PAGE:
I am sitting on a log in the sun-to-come sun of March, at the end of a short park by my place. I can see the skyline (Philadelphia) and a few men are spotted about and walking by. My nerves are on the fritz, from men. I like this sun, it’s from a time I remember living in Seattle, in the straining sun at the end of a summer. I wanted to be (sitting outside of a cupcake café) a hyper-desirable colander for all of it to strain right into. I did not think as poorly about men at that time. But now I live in the paranoid regime of hating men – when I say “man” I am speaking of him in his domination against conventional woman, as a universal historical subject, artifact, and as a living fossil.
Something happens in the park. A man comes up and says, “I thought, from over there, you were a man.” I read the man trying to figure out what’s wrong with him, economically, and mentally. I think I look struck, reading him like this so spiritedly. He says to me: “Please don’t curse me out,” and ambles off. Now I’m so spiritually reading the park, for any more men. The approaching gender. The veterans who live in their house half a block there. The man on the bench with his dogs, howling with them lovingly. “I thought you were a man” – past tense, thought, because I did flip in the mind into woman, then I was come up to. My eyes are loping everywhere scouring glimpses of any other women, some witnesses. I read any place like that, like a woman but I’m not a woman.
I read how I’m being read, at a bar called Writer’s Block—Henry Millers out at tilts on some of the tables, these terrible, terrible coasters. Overblown. Overwritten. Sexus coaster, and other tomes: My Struggle coaster. Infinite Jest like a horrible dais for a cocktail. The manager of this place says, as I sit there alone waiting for someone (a man), “Seriously you seem like a nice girl; sit down.” What will it mean for me, to be read Girl spontaneously everywhere like this? What a mess. And nice? You experience this – language a prick on experience. A little prick on what you were, and now it’s just gone.
I feel like a lizard. I have felt like one. I want to transition to my lizard-genitality, through clothing. I eye a marigold sheath and a violet vinyl hood. But I would also want the procedures. To get the scale hormone and start living. Coldblood infusions and start living as myself, with a more honest, more obvious, more exclusive and more sexual interest in the desert. At last, but where is the science??
I wasn’t trained in school to read for meaning, because of postmodernism. But all I do is speculate threats. I read men all day. Paranoid reader, a necessitated woman. I need to read men. A man walks with aimlessness too close to my writing log in the park, with his little dog, and I read him defensively, seepingly. I seethe into his whole face. I plunge in his brain and bite him there badly. I’m sad. Is he approaching or walking? Which? I need to know if I need to go and I read to know if this park works. Can I work in a park? I need to read for meaning and ready myself for an actual plot.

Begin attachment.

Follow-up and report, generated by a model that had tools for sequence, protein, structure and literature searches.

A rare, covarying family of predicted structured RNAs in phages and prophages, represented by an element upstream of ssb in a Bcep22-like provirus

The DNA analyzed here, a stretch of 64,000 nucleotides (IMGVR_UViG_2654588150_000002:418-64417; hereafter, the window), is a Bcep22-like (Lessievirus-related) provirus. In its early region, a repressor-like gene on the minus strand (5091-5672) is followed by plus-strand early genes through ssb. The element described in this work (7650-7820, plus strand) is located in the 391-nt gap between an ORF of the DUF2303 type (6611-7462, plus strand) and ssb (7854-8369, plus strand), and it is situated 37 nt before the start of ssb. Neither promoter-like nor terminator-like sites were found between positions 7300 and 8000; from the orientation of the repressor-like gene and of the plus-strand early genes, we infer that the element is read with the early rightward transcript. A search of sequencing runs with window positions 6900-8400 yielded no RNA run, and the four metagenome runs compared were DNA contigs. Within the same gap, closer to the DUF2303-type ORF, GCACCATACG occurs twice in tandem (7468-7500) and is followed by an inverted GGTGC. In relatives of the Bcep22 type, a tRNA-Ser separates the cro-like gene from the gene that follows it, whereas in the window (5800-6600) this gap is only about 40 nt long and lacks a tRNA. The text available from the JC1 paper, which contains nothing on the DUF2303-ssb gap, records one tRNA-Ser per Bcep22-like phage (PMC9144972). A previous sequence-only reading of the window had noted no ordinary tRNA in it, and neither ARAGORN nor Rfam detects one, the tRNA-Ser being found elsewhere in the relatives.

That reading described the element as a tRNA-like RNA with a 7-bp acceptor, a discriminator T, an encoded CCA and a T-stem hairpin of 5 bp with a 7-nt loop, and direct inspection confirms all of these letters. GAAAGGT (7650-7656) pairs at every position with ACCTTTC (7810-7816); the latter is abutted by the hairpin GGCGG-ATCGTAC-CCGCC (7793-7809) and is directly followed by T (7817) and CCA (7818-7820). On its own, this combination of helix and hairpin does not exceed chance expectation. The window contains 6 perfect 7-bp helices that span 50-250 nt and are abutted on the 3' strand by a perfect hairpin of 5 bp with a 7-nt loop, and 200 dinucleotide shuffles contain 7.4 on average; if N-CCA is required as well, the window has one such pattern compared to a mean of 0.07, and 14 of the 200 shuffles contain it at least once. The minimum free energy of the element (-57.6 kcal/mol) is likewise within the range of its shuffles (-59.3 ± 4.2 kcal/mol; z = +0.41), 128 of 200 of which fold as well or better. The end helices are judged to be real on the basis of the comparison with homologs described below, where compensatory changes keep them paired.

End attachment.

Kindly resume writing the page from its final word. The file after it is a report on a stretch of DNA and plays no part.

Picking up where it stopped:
A man follows behind on a bike. A book (a lot of the time) is like a man on a slow behind me bike. I have to watch out for the slow behind way it’s all going, the bike in relation and distinction from the moon! Like the Belgian writer Jean-Phillipe Toussaint, who pushes women off of the stage of international literature, and forces them to be waitresses, songstresses, students, strippers, and avid readers in a world of male professors, administrators, and literary writers, in his novella Self-Portrait Abroad.
You have to read what’s wheeling behind you in the putrid eggplant anti-light of any time on earth, it’s the reading I’ve done most. All through school, and now. But I come across a little gasp. A lizard-novella, written in the desert. There is no park. Unica Zürn’s The Trumpets of Jericho, Ananda Devi’s Eve Out of Her Ruins. Desperate. A gasp. A novella, no villa at all. Unluxurious anti-time, no home on earth. A ferocious and brief tactic. Short knife. Clarice Lispector. Stream of Life. Steven Dunn, his Potted Meat – to say it – quick – before the manager commands. Sit down. You’re nice. I thought you were a man, but you are not. It has to be so quick, a wristness, to write before you’re read. Then it’s over.
Marguerite Duras’ The Lover.
This is the third in a four-part series called 'How Should A person Read?', edited by Khalid Warsame and published in The Lifted Brow #34. You can read part one and part two here and here.
Get your copy here.
Caren Belin is the author of the forthcoming nonfiction SPAIN a novel The University of Pennsylvania, and a collection of short fiction American, Guests, or Us.